Whether it was your first heart-break in middle school, your first big misunderstanding with the one you thought-was-the-one or reality moving in along with your partner, at some point you learned that relationships aren’t easy.
That staying together requires a lot more effort than getting together.
And that relationships are a challenge no matter what the circumstances.
So what is it that makes relationships so hard?
Most of us walk around like an M&M, safely tucked inside a hard shell that is resistant to melting. Yet, melt is exactly what we must do if we want to establish an intimate connection. And it’s scary to reveal yourself in all your inner glory; you risk wounding or even worse, rejection. Maintaining vulnerability is a continual task. It takes sustained effort and intention to refrain from becoming closed off.
The best relationships are when both partners aren’t afraid to call the other out on their sh*t and when each is willing to listen. A relationship won’t make it far if you think you have nothing to learn. It’s not easy to lay down your defenses and admit your wrongdoings. It’s difficult to apologize and release the ego. It’s even harder to utter, “You’re right” and be happy saying it because it means you learned something.
One of the most humbling realizations in any relationship is that your partner is an individual, with his or her own free will. Unlike those thousands of (mostly young and always naive) Twitter followers that declare, “I don’t believe in divorce. You mad? Go to the other room and we’re going to talk this out.” Because the truth is, apart from kidnapping, your partner may not want to go to the other room and talk it out. Relationships require that you share a life while accepting that you also live separate lives. Not an easy balance.
We all carry wounds and patterns from the past into our relationships. Whether you were the peacemaking middle child in your family and now you try to avoid conflict in your marriage or you experienced infidelity and now you have trouble trusting, your past experiences shape your current situation. If those issues aren’t addressed and tamed, they will choke out the relationship with their tenacity. It’s difficult to face these problems; often we would rather pretend they are absent or inconsequential. It takes courage to unpack your past.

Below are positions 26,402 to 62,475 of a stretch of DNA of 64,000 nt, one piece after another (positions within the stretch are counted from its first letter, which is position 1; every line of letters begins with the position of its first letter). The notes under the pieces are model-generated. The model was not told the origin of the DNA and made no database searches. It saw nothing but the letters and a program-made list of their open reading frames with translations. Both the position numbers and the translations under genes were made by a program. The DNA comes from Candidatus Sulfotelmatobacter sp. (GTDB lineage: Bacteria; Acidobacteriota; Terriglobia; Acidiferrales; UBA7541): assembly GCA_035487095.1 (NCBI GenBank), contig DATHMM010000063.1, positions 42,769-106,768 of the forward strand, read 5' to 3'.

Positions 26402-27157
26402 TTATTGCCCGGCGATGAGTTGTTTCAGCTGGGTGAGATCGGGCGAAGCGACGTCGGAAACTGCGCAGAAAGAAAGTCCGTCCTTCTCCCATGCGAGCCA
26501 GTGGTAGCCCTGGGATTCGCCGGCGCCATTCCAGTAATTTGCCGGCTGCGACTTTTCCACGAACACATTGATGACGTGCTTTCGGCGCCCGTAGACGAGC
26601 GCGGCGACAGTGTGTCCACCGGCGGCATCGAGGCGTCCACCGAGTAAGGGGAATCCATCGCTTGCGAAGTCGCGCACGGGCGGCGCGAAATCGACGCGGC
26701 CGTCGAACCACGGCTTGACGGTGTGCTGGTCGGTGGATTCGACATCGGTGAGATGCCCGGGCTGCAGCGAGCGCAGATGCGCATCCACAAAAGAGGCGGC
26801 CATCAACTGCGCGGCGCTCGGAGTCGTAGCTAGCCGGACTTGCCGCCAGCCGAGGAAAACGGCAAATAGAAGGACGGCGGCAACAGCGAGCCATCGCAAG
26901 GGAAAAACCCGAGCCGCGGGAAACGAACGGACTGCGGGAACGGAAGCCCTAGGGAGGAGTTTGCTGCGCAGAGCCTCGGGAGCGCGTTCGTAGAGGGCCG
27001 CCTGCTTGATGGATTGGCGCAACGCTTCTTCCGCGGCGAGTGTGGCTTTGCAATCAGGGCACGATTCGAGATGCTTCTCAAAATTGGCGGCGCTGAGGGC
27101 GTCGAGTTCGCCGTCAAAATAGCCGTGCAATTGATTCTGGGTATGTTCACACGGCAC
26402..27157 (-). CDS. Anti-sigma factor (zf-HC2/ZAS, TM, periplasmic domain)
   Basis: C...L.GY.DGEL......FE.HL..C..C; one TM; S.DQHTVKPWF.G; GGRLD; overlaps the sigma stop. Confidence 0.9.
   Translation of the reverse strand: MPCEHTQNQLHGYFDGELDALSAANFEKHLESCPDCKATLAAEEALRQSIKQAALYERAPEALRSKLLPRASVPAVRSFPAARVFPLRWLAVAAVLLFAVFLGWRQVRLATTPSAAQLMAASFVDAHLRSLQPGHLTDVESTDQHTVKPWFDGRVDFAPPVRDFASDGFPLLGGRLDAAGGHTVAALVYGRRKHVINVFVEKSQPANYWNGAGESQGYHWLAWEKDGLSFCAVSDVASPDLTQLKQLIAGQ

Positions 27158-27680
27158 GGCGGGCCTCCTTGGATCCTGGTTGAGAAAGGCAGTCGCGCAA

We all have expectations of what relationships look like. We grew up watching marriages play out on television and watched our parents’ marriage evolve (or devolve) in front of our eyes. We often makes assumptions that our partners have the same expectations for marriage without taking the time to ask and find out (After all, what if they have a different image? That’s a scary reality to face.). When different expectations collide, the fallout can be devastating.
In the beginning, your partner was probably on a pedestal only because you didn’t know any better. Then at some point, you learned that this one wasn’t perfect either. In fact, you realized that he or she had all kinds of quirks and irritating traits. But you know what? You do too. And a successful relationship means accepting the messy, imperfect and often infuriating humanness of your partner. Without rubbing their noses in it.
Relationships are not stagnant. Just when you finally learn how to talk with your partner about money without falling into a blame/defensive pattern, something changes. And then you have to change in kind. There is no status quo. It takes energy and effort to grow. And the most difficult reality you may find you have to adapt to is that your relationship may not have staying power. And the lessons learned from one relationship may be applied in the next.
Yes, relationships are challenging.
And it is that challenge that also makes them so wonderful.
Because they push us to become stronger.
Teach us to become wiser.
And humble us to become kinder.